Like many, I was saddened last week to hear about the 2-year-old boy who died in Atlanta after his dad left him in a hot car all day. 

I was saddened by the tragedy and felt some sympathy for the father. At first, I thought about how our children can get quiet in the back seat, and I couldn’t imagine the guilt that father must be feeling by

“accidentally” forgetting him. I even figured that prison would have nothing on this father’s pain of knowing what he did and having to live with it for the rest of his life. Even his wife and family stood by him.

However, days later, more details are coming out in the case where Justin Ross Harris has been charged with his son’s murder. It appears having a child and a wife wasn’t what Harris wanted. In fact, during the initial court proceedings, detectives introduced evidence of the dad sexting multiple women throughout the day while his child was suffering in a burning-hot car.

Adding to his extra-marital affairs, early evidence shows Harris did some research online on how hot a car would need to be to kill someone. 

While he has pleaded not guilty and Harris will have his day in court, the initial findings in this case have me asking why. This isn’t the first time either. I ask why these parents, spouses or family members oftentimes choose murder? Why can’t they just leave?

In Harris’ case, it appears the family was having financial troubles, and there were two separate life insurance policies worth $27,000 on his son.

Is $27,000 really worth killing your child for? If it’s a matter of not wanting to be married or have children because you want to have affairs, then just leave. 

These cases frustrate me. Look at the Casey Anthony case. Anthony was found not guilty of first-degree murder and the other most serious charges against her in the 2008 death of her 2-year-old daughter.

While she was found not guilty, it’s still hard to think that verdict was the correct one. In this case, there are plenty of families out there who would have taken that beautiful child. Why does murder have to be the only way out?

The other case that comes to mind is the murder of Laci Petersen - A mother and child had to die tragically here. Her husband, Scott Peterson, is now on death row for killing Laci and her unborn child, Conner. Laci was seven and a half months pregnant when she went missing in 2002.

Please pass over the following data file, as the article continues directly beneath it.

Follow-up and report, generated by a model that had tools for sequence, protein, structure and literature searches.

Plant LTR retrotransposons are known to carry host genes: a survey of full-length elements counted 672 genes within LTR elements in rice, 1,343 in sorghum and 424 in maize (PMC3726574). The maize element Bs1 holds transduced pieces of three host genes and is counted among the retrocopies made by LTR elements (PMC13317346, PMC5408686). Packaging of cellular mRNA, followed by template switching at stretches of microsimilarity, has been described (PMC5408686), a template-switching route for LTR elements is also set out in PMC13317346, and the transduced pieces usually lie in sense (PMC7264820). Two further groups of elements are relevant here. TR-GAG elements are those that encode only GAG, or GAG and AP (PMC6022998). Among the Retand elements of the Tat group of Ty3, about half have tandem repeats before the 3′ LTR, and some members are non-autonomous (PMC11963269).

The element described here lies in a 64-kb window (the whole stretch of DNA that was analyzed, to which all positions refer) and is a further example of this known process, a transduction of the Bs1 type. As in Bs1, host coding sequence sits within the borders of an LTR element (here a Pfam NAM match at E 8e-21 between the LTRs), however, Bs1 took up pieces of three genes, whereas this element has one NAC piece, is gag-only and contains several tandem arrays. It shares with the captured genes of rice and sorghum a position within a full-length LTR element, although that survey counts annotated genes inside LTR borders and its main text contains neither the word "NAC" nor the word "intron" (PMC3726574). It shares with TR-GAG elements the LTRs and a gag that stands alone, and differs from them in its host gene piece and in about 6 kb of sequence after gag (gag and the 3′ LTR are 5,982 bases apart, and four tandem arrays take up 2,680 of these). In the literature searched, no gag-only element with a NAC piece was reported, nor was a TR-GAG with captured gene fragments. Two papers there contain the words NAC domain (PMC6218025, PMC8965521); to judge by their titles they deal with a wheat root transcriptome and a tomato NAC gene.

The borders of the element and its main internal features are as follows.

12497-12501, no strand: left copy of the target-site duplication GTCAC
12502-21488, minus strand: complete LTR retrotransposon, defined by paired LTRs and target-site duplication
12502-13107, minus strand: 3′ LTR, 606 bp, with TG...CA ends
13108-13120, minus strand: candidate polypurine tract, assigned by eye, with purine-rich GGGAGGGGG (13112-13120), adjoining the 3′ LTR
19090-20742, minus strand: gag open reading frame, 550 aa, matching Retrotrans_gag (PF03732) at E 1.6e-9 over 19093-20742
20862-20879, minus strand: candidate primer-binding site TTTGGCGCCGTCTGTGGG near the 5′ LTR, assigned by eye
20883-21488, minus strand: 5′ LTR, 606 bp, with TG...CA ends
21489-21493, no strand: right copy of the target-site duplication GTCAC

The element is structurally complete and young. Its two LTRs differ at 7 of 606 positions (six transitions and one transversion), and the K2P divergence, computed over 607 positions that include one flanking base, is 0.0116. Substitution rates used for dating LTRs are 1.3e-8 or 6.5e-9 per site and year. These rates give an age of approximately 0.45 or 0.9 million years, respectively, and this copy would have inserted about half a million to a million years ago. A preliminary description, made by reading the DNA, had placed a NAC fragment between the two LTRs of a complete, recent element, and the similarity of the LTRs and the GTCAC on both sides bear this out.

Scott Peterson was found guilty of the murder after it was disclosed that he was having an affair at that time and wasn’t interested in married life or having a baby.

It’s another instance where it’s hard to fathom why death was the only way out. Why not leave her? Why not tell her to leave or face death?

While every case is unique, and every one of the defendants have their reasons, it would be great if there was some way to get them help before they commit the crime and we lose innocent lives, especially young children.

(1) comment

John Flanagan

You have put your finger on the words many others are speaking as well. None of us can really understand why crimes like this happen all too frequently. Parents kill their children with little remorse, and for what? Money? It is just evil, and though lawyers are adept at victimizing and exonerating perpetrators of egregious crimes, it remains in many of our minds as willful, vicious, evil acts.....for which the death penalty is fully warranted. But the sympathies of defense lawyers are remote from the cries of the innocents, those slain with malice and premeditation. This case, like the Anthony case, and others, will be watched by Americans, and no doubt a legal team will be actively seeking some technical mistake, some small procedure overlooked, some evidence of police misconduct, real or alleged, and will desire to see the case thrown out. Those who arrogantly attest that the American justice system is the best in the world are really in denial of the truth. The system is in need of reform in too many areas to list, but we could start by refusing to put trials on television or allow defense lawyers to corrupt the system with false narratives as they do at present.

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